Evening on the Ground

Joanna and I just made what we hope will be the last of many recent trips to southern Alabama. It was another rough one — the type of experience that is supposed to give us “closure.” Everytime someone says that to me (and always with the best intentions, I know), I think of Philip Roth’s The Human Stain. I never got around to seeing the film, so I’m not sure if this made it into the screenplay, but Coleman Silk’s rant about the language of Monicagate-era America has stuck with me longer than anything else from the novel:

Their whole language is a summation of the stupidity of the last forty years. Closure. There’s one. My students cannot stay in that place where thinking must occur. Closure! They fix on the conventionalized narrative, with its beginning, middle, and end — every experience, no matter how ambiguous, no matter how knotty or mysterious, must lend itself to this normalizing, conventionalizing, anchorman cliche. Any kid who says “closure” I flunk. They want closure, there’s their closure.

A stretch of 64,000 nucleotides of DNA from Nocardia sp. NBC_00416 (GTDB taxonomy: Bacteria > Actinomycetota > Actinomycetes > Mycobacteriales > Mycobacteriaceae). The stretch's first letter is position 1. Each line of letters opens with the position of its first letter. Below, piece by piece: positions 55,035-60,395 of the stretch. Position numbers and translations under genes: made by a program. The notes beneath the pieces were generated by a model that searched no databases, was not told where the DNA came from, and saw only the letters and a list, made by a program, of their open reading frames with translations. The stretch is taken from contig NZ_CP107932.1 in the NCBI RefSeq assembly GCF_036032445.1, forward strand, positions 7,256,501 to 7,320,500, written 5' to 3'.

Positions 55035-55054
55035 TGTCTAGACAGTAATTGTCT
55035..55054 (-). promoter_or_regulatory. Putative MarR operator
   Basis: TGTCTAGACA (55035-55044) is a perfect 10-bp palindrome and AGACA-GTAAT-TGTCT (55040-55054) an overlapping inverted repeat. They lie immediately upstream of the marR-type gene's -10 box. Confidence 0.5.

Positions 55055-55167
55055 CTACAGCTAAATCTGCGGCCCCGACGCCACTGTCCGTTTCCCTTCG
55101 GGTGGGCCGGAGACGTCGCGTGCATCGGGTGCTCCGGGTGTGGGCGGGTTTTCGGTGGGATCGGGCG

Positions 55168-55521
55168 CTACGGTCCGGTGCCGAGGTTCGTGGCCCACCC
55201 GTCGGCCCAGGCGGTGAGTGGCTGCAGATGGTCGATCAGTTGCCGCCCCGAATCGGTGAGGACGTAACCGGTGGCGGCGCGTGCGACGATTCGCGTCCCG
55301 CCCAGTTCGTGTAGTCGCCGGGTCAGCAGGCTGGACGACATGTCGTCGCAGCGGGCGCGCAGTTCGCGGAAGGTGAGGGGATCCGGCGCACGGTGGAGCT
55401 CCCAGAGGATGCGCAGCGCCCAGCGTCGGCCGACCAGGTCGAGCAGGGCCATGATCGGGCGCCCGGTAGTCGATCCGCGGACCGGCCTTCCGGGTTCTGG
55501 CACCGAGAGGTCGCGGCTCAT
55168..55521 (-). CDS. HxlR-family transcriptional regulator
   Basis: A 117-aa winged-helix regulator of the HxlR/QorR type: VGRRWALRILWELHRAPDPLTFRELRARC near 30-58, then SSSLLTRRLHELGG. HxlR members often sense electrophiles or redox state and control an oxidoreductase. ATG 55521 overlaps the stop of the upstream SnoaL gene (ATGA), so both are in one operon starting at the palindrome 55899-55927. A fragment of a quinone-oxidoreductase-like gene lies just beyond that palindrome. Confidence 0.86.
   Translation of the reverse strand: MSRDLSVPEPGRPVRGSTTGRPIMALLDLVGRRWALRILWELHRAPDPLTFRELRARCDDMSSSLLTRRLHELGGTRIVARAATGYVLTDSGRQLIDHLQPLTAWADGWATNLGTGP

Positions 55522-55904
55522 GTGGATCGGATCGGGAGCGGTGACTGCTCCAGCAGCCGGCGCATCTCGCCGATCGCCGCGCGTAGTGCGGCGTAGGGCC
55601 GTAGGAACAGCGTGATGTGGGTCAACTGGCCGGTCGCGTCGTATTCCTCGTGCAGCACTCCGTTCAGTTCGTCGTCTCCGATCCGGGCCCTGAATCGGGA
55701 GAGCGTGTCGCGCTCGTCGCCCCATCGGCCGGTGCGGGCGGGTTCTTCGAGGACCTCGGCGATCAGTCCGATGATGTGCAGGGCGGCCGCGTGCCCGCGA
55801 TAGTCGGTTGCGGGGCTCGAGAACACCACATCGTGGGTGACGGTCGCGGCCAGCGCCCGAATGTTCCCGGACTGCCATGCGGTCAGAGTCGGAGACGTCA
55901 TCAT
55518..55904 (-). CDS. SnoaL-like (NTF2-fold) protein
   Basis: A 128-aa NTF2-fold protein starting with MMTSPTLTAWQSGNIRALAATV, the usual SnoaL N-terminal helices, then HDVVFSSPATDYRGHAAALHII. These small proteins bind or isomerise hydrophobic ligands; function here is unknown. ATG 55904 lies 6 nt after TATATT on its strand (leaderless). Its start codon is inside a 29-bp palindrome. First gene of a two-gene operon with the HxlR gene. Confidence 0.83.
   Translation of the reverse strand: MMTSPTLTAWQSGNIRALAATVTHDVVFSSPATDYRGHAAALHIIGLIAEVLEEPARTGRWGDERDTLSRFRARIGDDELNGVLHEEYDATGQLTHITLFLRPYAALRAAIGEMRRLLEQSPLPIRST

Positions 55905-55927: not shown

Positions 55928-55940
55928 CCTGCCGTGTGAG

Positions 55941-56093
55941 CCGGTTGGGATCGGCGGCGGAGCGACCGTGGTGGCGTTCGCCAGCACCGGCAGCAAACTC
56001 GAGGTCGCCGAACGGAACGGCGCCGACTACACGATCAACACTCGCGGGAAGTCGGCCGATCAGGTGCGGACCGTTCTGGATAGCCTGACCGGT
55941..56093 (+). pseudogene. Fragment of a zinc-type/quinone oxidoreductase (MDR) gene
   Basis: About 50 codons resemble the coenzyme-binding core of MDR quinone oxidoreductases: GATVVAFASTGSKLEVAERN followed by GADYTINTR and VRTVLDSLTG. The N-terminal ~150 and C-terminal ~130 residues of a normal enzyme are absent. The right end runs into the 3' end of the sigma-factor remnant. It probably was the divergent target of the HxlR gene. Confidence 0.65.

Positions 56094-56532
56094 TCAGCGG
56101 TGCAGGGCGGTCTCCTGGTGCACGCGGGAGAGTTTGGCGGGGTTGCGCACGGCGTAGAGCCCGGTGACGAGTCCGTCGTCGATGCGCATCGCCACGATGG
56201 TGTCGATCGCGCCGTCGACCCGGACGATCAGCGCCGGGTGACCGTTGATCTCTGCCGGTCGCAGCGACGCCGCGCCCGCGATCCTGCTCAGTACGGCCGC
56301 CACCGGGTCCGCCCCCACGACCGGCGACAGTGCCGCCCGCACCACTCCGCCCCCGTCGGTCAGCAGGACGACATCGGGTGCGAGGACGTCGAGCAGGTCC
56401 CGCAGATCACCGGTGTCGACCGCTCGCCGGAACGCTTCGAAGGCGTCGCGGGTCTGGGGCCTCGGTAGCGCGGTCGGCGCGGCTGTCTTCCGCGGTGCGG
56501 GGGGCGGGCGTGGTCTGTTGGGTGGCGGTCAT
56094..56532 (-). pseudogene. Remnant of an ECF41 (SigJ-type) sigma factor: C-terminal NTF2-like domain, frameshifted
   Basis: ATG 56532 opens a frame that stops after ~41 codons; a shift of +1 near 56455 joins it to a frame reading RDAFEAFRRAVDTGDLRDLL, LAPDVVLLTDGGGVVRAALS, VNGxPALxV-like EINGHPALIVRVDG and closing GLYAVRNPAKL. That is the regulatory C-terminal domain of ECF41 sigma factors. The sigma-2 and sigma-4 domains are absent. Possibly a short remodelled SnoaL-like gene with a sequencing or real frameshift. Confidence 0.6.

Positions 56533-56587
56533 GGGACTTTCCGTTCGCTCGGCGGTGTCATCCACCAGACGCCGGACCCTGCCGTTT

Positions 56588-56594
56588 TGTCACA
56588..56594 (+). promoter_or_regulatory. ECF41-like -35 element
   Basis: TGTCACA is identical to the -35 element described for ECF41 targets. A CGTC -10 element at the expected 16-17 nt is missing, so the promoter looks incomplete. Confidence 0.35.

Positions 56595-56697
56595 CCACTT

Of course, none of that has anything to do with “Evening on the Ground,” the Song of the Moment, except that, on the way out of town, I picked up Woman King, the new Iron and Wine EP, and Joanna and I listened to it over and over again during the drive. Jo has this habit of replaying and replaying songs that hit her. Usually, I get annoyed in no time, but “Evening on the Ground” — the sound of it more than the lyrics, and that unexpected distorted guitar most of all — seemed to suit our mood.